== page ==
If there is one thing I’ve learned about business, it’s this. Getting someone to do something for you is all about eliminating their fears. Naturally we are risk averse animals. Which means we are constantly analyzing our situation to make sure we do not fail.
The reality is, a majority of the world is based on the crystal ball business – meaning you pay me in order to expect something to happen in the future. In some cases this is 1 hour, in others this is 10 years. The longer the time frame, the more fear is associated with it.
Currently with my new startup – Compete Hub – I have the following stakeholders and associated fears:
My team – The three of us (myself, Philip, and Alexei) are all not being paid for our work. There is a lot of uncertainty around paying bills, eating, etc. So I’m constantly reminding them (and myself!) that the idea is good and the money will come eventually. More importantly I asked constantly what things are important to everyone in order to ensure that they are comfortable. It’s also why we launched www.ignitelab.net in the interim and I’m spending countless hours trying win our team some business. (ps – guys if you’re reading this and I’m not doing a good job, let me know!)
My potential investors – I’m currently pitching the business to angel investors to get seed money to keep the team happy for the first year so they can focus on what’s best for the business. Investors are very fearful people, and they have a right to be. For angel investors, their fears can be a multitude of various things. For example, what will my wife think if I put $10k into a friend’s startup? How will I pay for my mortgage? What if the startup fails in the first year?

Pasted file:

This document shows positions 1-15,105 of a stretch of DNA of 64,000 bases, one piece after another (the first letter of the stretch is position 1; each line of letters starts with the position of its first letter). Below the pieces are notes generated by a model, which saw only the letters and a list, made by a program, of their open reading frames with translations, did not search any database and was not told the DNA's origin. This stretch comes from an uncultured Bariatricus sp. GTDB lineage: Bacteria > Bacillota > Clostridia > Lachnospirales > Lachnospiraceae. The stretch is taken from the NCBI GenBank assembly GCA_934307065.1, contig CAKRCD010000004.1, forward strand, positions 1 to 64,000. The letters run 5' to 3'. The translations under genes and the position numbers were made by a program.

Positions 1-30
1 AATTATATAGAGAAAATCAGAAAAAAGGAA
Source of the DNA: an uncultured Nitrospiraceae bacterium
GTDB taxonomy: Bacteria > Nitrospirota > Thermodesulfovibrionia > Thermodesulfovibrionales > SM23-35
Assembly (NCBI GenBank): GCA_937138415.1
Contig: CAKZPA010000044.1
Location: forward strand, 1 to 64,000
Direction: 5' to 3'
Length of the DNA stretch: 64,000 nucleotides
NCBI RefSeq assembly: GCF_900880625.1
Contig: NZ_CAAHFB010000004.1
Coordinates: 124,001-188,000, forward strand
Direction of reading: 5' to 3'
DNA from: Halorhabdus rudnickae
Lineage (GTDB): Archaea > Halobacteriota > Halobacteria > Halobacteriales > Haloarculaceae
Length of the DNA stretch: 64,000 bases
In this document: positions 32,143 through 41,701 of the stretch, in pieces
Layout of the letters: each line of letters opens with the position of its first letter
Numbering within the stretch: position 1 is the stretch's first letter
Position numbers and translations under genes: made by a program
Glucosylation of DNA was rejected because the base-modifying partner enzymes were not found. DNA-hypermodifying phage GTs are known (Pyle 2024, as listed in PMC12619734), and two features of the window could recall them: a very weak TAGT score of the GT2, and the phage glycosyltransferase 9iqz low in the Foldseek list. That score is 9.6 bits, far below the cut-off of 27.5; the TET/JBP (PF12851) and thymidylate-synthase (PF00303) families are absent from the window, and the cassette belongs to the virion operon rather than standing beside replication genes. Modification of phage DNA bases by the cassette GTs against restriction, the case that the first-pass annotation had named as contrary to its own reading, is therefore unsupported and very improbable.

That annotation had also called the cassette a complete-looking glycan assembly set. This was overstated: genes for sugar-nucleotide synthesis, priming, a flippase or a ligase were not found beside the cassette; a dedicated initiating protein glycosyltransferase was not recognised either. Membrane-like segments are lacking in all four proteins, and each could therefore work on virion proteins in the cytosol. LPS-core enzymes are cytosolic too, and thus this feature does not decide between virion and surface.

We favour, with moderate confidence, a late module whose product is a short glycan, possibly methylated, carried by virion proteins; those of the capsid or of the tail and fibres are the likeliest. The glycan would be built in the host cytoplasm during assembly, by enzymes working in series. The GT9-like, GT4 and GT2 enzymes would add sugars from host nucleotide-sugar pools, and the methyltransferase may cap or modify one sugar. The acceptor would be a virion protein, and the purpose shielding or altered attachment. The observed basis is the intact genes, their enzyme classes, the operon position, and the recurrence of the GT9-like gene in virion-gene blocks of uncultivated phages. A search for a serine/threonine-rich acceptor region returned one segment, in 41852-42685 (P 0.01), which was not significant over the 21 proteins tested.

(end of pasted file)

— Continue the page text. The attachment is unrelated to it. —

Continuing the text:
My customers and users – The people who will use Compete Hub are also very fearful people. The biggest question when dealing with startups is knowing: Will you exist n years from now? Many startups will reduce these fears by putting up a page (like this) that explains that they do have funding to keep them alive for years. Which means if I’m going to invest my time to use your service as a client, I want to know you won’t disappear tomorrow. Also, it’s the reason the ideal landing page is set to reduce fears by showing what problem your solving and more importantly how it solved someone else’s problem (the testimonial!).
Fear is above and beyond the most motivating factor in business. So if you’re trying to move and motivate someone else – be it, an investor, a business partner, or a potential client – focus and understand what they value first and then eliminate the fears associated, second.